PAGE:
How is FULL SSL encryption working without a self-signed cert?

I have a site with a GoDaddy SSL certificate. I recently started using Cloudflare and pointed the nameservers to Cloudflare. The SSL/TLS encryption mode is currently set to “Full”.

How is traffic encrypted between Cloudflare and my origin server? The “Full” option on the setup screen says it uses a self-signed certificate on the server, but I never set this up. Is that connection somehow using the GoDaddy certificate? If the GoDaddy certificate is being used, I must need to continue renewing it, right?

Is a better option to create an “Origin CA” certificate, install that on my origin server, then switch to Full (Strict) as shown below? It seems like if I could get that working, I could stop renewing through GoDaddy. Is that correct?

“SSL Full” means Cloudflare encrypts the traffic, however Cloudflare doesn’t check the validity of our servers’ SSL self-signed certificate.

Could be it was issued from cPanel or some other way around in the meantime.

Depending on how long period the self-signed certificate is issued, usually yes and it’s a case with any SSL certificate.

If possible, yes, always. At least, at Cloudflare we can set it up to 15 years.

I do think, however if you’re using the same origin host/server to send out emails, then it might be better to renew GoDaddy since Cloudflare’s Origin CA certificate doesn’t work publicly without proxy :orange: and works only with HTTP(S) traffic.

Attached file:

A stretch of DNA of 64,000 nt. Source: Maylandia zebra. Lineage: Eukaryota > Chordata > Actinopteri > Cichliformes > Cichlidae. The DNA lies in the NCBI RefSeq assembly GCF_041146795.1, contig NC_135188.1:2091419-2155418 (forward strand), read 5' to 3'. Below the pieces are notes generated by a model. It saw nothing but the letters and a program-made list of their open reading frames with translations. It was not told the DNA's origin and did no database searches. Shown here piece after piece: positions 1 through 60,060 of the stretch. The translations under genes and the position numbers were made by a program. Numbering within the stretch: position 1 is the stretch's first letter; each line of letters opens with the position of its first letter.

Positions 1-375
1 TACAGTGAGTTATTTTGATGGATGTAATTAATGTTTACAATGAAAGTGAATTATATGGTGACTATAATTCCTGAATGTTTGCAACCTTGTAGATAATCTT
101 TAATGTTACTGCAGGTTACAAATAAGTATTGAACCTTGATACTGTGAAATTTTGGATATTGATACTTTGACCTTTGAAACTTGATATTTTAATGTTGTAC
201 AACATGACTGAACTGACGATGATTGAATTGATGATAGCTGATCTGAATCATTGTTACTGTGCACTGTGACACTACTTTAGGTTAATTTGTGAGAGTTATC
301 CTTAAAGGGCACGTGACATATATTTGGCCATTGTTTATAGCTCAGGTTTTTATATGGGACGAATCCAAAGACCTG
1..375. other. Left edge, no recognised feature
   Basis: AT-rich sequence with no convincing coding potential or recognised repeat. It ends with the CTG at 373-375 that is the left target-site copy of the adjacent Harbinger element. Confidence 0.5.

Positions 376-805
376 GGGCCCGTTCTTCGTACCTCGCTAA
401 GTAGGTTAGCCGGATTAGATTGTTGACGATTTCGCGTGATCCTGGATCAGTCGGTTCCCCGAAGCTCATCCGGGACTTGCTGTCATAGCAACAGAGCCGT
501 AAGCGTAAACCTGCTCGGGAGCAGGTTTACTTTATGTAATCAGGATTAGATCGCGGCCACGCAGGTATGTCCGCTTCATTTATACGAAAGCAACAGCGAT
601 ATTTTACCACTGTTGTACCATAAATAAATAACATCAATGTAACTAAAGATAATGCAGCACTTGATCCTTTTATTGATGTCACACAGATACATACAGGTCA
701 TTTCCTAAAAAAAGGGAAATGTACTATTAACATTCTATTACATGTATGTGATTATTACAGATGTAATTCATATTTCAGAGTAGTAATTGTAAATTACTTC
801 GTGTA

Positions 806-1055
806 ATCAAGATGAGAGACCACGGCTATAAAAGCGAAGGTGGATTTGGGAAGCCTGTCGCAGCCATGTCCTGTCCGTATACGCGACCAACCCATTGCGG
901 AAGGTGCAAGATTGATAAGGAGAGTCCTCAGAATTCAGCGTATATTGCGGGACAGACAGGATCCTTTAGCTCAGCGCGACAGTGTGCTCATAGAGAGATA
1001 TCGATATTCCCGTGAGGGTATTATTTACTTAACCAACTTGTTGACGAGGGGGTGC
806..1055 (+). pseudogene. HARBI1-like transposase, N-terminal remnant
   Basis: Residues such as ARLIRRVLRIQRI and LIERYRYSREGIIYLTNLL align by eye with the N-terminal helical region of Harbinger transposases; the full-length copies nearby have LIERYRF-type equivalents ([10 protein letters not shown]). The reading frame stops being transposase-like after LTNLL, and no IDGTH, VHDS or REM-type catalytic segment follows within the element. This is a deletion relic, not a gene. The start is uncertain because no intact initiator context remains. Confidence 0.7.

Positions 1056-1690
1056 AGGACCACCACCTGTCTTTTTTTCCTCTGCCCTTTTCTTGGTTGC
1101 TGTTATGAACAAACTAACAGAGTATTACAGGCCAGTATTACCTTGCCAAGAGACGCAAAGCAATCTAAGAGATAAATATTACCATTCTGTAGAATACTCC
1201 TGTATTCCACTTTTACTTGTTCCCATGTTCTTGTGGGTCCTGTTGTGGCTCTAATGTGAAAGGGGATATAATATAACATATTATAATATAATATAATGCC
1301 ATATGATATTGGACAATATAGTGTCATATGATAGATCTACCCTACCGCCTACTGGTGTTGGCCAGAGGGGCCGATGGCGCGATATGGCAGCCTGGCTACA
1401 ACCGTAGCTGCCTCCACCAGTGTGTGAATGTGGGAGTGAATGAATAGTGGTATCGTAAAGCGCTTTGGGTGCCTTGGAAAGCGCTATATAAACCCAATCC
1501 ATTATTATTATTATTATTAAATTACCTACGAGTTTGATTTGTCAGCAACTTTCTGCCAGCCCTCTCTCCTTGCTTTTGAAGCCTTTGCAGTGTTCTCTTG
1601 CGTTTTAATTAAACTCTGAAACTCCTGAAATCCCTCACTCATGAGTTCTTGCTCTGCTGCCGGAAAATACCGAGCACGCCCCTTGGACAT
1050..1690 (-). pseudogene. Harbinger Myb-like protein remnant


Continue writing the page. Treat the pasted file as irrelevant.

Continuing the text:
This is an IIS server, and I have never done anything with a certificate other than installing/updating the GoDaddy certificate for the past few years.

Are you saying that if I don’t need to send email, and all traffic is https://, I can install Cloudflare’s Origin CA certificate on the origin server, and I don’t need the GoDaddy cert at all? If so, this is good news as I spend a lot of money each year on SSL certs for servers.

I also run few VMs and websites which are working over the IIS on my Windows Server 2012 R2 machine and all proxied via :orange: Cloudflare :wink:

Yes, correct. Exactly :slight_smile:

I am sorry to hear this :cry:

If there is a need, you can always generate and use Let’s Encrypt for both e-mail, web traffic, ftp and other kind of traffic. If this helps you in some case for further cases.

1 Like

This topic was automatically closed 15 days after the last reply. New replies are no longer allowed.